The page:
Which explains why the recipe is so radically different from all their others. I say all their others. They only had the one recipe, from which they brewed Pale Ales of varying degrees of wateriness.
It must have been weird for Drybrough’s brewers to suddenly have all these exotic ingredients: crystal malt, No. 3 invert and torrefied barley. The ingredients are so different from the ones they normally used that I can only assume that it’s very similar to the London-brewed version.
With Brown Ale hugely popular at the time, Drybrough must have already had one in their portfolio. Which they doubtless constructed from 60/- plus priming sugars. With Mann’s being a renowned national brand, I’m sure Drybrough’s own Brown Ale was quickly dropped after the takeover.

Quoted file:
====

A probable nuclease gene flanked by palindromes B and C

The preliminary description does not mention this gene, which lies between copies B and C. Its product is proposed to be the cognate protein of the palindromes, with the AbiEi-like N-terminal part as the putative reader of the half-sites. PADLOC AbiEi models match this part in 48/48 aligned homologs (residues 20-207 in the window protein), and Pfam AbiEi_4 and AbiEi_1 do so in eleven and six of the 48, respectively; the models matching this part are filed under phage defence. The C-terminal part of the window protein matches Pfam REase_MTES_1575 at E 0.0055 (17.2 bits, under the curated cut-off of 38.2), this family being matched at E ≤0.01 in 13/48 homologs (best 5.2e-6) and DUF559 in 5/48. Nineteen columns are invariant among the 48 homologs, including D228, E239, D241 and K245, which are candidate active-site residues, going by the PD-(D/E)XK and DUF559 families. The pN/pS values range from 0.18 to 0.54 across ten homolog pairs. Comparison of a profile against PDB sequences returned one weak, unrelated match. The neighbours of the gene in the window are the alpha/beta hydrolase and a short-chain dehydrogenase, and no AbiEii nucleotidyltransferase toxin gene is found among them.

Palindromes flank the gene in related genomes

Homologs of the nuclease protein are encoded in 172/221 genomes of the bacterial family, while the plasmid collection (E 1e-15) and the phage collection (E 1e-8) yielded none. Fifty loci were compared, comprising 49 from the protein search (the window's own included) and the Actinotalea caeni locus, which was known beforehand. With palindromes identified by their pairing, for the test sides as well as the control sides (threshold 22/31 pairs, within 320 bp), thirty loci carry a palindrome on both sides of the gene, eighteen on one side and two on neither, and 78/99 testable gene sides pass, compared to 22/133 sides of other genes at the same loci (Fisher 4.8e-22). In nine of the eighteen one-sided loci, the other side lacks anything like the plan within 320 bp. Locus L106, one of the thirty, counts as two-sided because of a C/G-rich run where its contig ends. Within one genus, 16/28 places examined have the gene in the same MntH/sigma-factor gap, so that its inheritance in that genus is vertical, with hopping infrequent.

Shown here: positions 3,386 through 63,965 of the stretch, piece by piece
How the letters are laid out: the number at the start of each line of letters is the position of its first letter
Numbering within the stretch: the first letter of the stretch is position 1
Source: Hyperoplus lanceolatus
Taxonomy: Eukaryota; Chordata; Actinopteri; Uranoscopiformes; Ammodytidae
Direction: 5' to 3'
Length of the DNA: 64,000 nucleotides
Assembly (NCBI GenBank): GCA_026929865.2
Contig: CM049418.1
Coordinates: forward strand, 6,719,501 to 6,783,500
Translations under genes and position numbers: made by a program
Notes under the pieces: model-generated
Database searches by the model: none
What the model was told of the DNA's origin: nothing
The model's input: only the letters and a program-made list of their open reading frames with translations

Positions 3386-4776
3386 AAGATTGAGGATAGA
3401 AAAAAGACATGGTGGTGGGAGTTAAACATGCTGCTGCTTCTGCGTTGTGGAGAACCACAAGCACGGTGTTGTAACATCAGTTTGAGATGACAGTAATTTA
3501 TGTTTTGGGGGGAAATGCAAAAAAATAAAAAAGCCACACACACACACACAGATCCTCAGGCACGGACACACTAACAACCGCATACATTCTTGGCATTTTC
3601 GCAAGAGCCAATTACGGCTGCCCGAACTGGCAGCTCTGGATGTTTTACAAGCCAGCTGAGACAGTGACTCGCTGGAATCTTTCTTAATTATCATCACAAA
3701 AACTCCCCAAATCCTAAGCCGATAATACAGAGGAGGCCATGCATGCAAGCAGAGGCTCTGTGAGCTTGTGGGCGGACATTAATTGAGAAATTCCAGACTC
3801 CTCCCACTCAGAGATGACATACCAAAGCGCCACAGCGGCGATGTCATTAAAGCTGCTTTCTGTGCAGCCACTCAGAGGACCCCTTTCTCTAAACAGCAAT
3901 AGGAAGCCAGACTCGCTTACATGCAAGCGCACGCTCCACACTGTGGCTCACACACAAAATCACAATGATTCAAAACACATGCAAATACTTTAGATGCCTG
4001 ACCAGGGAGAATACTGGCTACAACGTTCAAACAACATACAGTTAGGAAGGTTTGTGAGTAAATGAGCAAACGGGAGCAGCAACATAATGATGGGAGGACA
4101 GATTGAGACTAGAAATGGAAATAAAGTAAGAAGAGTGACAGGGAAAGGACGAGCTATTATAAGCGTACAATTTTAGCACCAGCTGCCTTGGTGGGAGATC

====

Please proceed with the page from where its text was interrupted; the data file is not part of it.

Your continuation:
|1966 Drybrough MBA Brown Ale|
|pale malt||4.25 lb||57.90%|
|black malt||0.09 lb||1.23%|
|crystal malt 60 L||1.75 lb||23.84%|
|torrefied barley||0.50 lb||6.81%|
|No. 3 invert sugar||0.50 lb||6.81%|
|caramel 500 SRM||0.25 lb||3.41%|
|Fuggles 90 min||0.50 oz|
|Goldings 30 min||0.50 oz|
|Mash at||145 / 158º F|
|Sparge at||165º F|
|Boil time||90 minutes|
|pitching temp||62º F|
|Yeast||WLP028 Edinburgh Ale|
The recipe is from from my overly detailed look at post-war UK brewing, Austerity!
Which is now also available in Kindle format.